The Children of Africa in the Colonies : Free People of Color in Barbados in the Age of Emancipation
By: Newton, Melanie J.Material type: TextSeries: eBooks on Demand.Antislavery, Abolition, and the Atlantic World: Publisher: Baton Rouge : LSU Press, 2008Description: 1 online resource (337 p.).ISBN: 9780807134269.Subject(s): Free blacks - Barbados - History - 19th century | Free blacks --Barbados --History --19th century | Slaves - Emancipation - Social aspects - Barbados | Slaves --Emancipation --Social aspects --BarbadosGenre/Form: Electronic books.Additional physical formats: Print version:: The Children of Africa in the Colonies : Free People of Color in Barbados in the Age of EmancipationDDC classification: 972.981/00496 | 972.98100496 Online resources: Click here to view this ebook.
|Item type||Current location||Call number||URL||Status||Date due||Barcode|
|Electronic Book||UT Tyler Online Online||F2041.N49 2008 (Browse shelf)||http://uttyler.eblib.com/patron/FullRecord.aspx?p=483276||Available||EBL483276|
Cover; Contents; Acknowledgments; Abbreviations; Introduction; PART ONE: SLAVES, SUBJECTS, AND CITIZENS: People of African Descent in Barbadian Slave Society; 1. Defining Freedom in the Interstices of Slave Society; 2. Race and Politics in an Age of Insurrection; 3. Racial Segregation and Public Life during the Amelioration Era; 4. New Publics: Afro- Barbadian Oppositional Politics; PART TWO: TIES OF CONSANGUINITY, SUFFERING, AND WRONG: Apprenticeship and Its Aftermath; 5. Discipline and (Dis)Order: Apprenticeship and the Meaning of Freedom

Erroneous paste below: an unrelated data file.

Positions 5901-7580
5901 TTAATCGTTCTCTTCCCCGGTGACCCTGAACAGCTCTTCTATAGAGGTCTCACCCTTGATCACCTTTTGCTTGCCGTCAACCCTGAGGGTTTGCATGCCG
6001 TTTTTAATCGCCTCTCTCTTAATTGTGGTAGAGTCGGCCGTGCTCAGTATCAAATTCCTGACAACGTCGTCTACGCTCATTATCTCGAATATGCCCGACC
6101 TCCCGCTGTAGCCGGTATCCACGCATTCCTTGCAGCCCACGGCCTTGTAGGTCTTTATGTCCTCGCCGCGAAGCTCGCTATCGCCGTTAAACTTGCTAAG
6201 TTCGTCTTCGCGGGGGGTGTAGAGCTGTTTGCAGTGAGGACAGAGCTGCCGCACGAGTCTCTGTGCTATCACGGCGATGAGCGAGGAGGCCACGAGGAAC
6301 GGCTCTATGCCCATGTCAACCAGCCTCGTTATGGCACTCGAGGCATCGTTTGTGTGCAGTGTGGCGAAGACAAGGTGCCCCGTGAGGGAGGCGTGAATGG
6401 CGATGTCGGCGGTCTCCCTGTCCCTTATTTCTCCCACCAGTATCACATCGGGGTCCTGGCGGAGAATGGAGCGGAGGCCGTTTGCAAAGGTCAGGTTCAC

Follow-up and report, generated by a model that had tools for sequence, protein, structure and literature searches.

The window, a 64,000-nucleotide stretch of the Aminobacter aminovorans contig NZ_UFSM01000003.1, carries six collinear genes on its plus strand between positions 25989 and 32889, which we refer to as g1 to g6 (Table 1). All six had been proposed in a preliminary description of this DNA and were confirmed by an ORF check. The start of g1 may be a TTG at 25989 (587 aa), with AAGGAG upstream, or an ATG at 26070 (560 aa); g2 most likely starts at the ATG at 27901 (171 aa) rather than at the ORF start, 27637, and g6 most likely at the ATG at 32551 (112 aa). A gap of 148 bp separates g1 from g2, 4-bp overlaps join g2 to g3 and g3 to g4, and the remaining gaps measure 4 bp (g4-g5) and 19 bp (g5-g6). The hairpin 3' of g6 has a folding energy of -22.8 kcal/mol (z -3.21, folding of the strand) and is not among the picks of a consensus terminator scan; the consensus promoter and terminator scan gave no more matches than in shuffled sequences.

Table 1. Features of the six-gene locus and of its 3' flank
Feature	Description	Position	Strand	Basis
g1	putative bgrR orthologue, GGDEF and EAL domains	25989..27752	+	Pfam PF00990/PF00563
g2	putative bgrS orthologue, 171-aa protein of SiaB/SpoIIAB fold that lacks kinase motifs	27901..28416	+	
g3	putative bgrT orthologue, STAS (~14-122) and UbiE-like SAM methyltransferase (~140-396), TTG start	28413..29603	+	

6. Men of Property, Character, and Education: The Afro-Barbadian Bourgeois Public Sphere7. Between Africa and the Empire: Diasporic Consciousness in Postemancipation Society; PART THREE: THE LIMITS OF FREEDOM; 8. The Emigration Debate and Postemancipation Politics; 9. Hard Times and African Dreams; EPILOGUE: The Living Past; Bibliography; Index; A; B; C; D; E; F; G; H; I; J; K; L; M; N; O; P; R; S; T; U; V; W; Y
When a small group of free men of color gathered in 1838 to celebrate the end of apprenticeship in Barbados, they spoke of emancipation as the moment of freedom for all colored people, not just the former slaves. The fact that many of these men had owned slaves themselves gives a hollow ring to their lofty pronouncements. Yet in The Children of Africa in the Colonies, Melanie J. Newton demonstrates that simply dismissing these men as hypocrites ignores the complexity of their relationship to slavery. Exploring the role of free blacks in Barbados from 1790 to 1860, Newton argues that the emanci
Description based upon print version of record.